The Apostle Paul: Paul Asks to Speak to the People.

37 “As Paul was about to be brought into the barracks, he said to the tribune, “May I say something to you?” And he said, “Do you know Greek? 38 Are you not the Egyptian, then, who recently stirred up a revolt and led the four thousand men of the Assassins out into the wilderness?” 39 Paul replied, “I am a Jew, from Tarsus in Cilicia, a citizen of no obscure city. I beg you, permit me to speak to the people.” 40 And when he had given him permission, Paul, standing on the steps, motioned with his hand to the people. And when there was a great hush, he addressed them in the Hebrew language, saying:” (Acts 21:37–40)

Upon his arrest in Jerusalem by the Romans, Paul asked the Roman tribune, ““May I say something to you?” And he said, “Do you know Greek?” The tribune known as Claudius (Acts 23:26), was genuinely surprised by Paul’s excellent use of the Greek language. This would be an indication to the tribune that the apostle was more than he appeared.

Claudius than began interrogating Paul, in order to ascertain exactly who he was. The tribune asked, “Are you not the Egyptian, then, who recently stirred up a revolt and led the four thousand men of the Assassins out into the wilderness?”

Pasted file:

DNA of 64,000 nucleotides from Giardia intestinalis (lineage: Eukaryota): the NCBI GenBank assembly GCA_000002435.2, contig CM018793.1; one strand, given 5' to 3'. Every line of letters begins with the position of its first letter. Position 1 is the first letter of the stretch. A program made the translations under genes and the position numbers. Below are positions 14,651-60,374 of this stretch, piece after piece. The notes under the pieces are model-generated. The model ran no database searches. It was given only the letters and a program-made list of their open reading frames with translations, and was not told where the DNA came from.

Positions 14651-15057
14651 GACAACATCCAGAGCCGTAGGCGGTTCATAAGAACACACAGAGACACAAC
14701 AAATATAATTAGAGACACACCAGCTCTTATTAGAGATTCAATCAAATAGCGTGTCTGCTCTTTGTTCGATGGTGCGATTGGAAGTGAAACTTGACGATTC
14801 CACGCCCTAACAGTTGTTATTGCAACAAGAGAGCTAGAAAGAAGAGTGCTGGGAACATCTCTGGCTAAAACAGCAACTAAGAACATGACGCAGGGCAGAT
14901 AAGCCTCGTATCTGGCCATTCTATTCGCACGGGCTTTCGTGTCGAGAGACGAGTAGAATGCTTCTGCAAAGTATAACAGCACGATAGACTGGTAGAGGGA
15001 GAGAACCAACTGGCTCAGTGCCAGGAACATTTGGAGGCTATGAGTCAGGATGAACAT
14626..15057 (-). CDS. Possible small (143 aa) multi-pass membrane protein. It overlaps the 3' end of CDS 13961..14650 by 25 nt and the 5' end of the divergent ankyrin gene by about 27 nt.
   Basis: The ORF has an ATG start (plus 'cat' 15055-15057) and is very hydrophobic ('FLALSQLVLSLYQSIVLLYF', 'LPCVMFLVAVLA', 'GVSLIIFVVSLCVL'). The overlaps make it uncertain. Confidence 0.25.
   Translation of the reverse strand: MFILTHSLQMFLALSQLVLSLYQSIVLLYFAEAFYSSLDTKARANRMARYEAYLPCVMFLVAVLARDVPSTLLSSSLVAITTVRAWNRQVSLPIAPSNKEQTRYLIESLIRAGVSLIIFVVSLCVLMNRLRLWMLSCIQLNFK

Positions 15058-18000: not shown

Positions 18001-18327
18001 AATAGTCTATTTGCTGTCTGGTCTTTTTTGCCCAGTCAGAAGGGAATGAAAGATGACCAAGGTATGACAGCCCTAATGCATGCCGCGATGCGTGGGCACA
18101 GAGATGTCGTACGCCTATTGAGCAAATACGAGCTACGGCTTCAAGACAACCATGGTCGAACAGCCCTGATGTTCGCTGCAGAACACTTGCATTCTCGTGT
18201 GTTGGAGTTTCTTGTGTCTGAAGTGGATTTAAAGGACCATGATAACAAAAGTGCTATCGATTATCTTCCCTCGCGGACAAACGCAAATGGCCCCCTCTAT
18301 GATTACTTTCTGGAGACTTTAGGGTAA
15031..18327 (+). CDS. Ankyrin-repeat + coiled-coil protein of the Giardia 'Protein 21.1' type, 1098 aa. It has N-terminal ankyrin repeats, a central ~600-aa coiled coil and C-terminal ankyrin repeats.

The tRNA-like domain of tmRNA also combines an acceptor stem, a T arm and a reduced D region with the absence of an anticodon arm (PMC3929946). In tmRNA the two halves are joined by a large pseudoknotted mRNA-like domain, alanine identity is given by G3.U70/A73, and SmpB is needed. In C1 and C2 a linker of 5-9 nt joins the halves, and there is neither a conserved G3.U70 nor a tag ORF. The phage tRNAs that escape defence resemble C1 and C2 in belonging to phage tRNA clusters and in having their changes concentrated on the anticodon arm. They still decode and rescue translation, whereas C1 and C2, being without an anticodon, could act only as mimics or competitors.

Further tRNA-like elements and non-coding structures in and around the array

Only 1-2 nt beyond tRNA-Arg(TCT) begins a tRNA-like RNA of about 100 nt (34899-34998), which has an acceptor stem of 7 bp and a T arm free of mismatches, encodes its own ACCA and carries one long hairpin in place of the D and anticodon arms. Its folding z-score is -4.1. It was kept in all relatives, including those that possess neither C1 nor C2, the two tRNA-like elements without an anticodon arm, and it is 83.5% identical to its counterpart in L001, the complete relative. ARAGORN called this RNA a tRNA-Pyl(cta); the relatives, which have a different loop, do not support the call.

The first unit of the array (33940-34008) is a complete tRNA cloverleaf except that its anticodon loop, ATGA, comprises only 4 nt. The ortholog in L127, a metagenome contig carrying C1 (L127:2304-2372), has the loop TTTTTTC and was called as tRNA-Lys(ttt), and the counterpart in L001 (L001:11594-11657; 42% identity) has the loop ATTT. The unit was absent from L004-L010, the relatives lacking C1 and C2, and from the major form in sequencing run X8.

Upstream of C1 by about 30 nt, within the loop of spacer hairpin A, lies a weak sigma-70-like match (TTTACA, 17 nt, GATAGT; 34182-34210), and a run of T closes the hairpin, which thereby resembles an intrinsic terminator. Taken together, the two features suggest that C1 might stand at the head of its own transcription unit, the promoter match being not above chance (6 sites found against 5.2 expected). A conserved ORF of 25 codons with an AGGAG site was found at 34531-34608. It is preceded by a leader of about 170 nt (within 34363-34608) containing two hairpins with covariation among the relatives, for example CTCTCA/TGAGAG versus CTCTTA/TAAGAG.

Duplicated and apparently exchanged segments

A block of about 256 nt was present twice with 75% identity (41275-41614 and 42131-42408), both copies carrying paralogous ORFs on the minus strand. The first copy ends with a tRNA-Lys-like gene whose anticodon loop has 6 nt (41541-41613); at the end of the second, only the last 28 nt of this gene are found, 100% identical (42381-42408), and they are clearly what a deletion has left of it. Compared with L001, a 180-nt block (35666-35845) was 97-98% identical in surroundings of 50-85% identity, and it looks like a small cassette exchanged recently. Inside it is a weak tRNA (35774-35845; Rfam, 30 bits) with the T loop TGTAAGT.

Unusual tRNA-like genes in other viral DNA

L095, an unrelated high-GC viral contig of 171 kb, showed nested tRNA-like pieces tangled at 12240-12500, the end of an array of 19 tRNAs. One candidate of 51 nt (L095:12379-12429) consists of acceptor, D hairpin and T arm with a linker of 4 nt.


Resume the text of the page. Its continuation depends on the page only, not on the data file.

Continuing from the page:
During the administration of Governor Felix (Acts 23:23-25), a terrorist group, the Sicarii, engaged in the assassinations of Jewish leaders while being friendly to the Romans. Their name came from the Greek word for dagger (sica), which they concealed in the long, flowing robes. Claudius perhaps suspected Paul of being a leader of this terrorist organization.

Paul responded to the tribune by saying, ““I am a Jew, from Tarsus in Cilicia, a citizen of no obscure city. I beg you, permit me to speak to the people.” Paul’s speech and demeanor clearly displayed that he was not a desperate criminal. He asked Claudius if he would allow him to speak to the crowd.

And when he had given him permission, Paul, standing on the steps, motioned with his hand to the people. And when there was a great hush, he addressed them in the Hebrew language, saying:”  

Dr. R. C. Sproul writes, “Facing the crowd, Paul motions for silence. The crowd, prevented by the soldiers from harming Paul, grows quiet to hear what he will say, and becomes even more respectful when they hear him speaking in the Hebrew language. So Paul calls on his fellow Jews to hear his ‘defense’ of his work as an apostle to the Gentiles.”   

Paul’s arrest was perhaps a time of mourning for his colleagues and friends. It was a time of rejoicing by his enemies. However, the sovereign and providential God of the universe meant it for good. It would be, while in Roman custody, that Paul would eventually reach the capital of the empire and be the instrument God used to touch many lives.

Take heart, while in the midst of your circumstances. You never know how God will use you: not in spite of, but through the providential circumstances of life.

Soli deo Gloria!  

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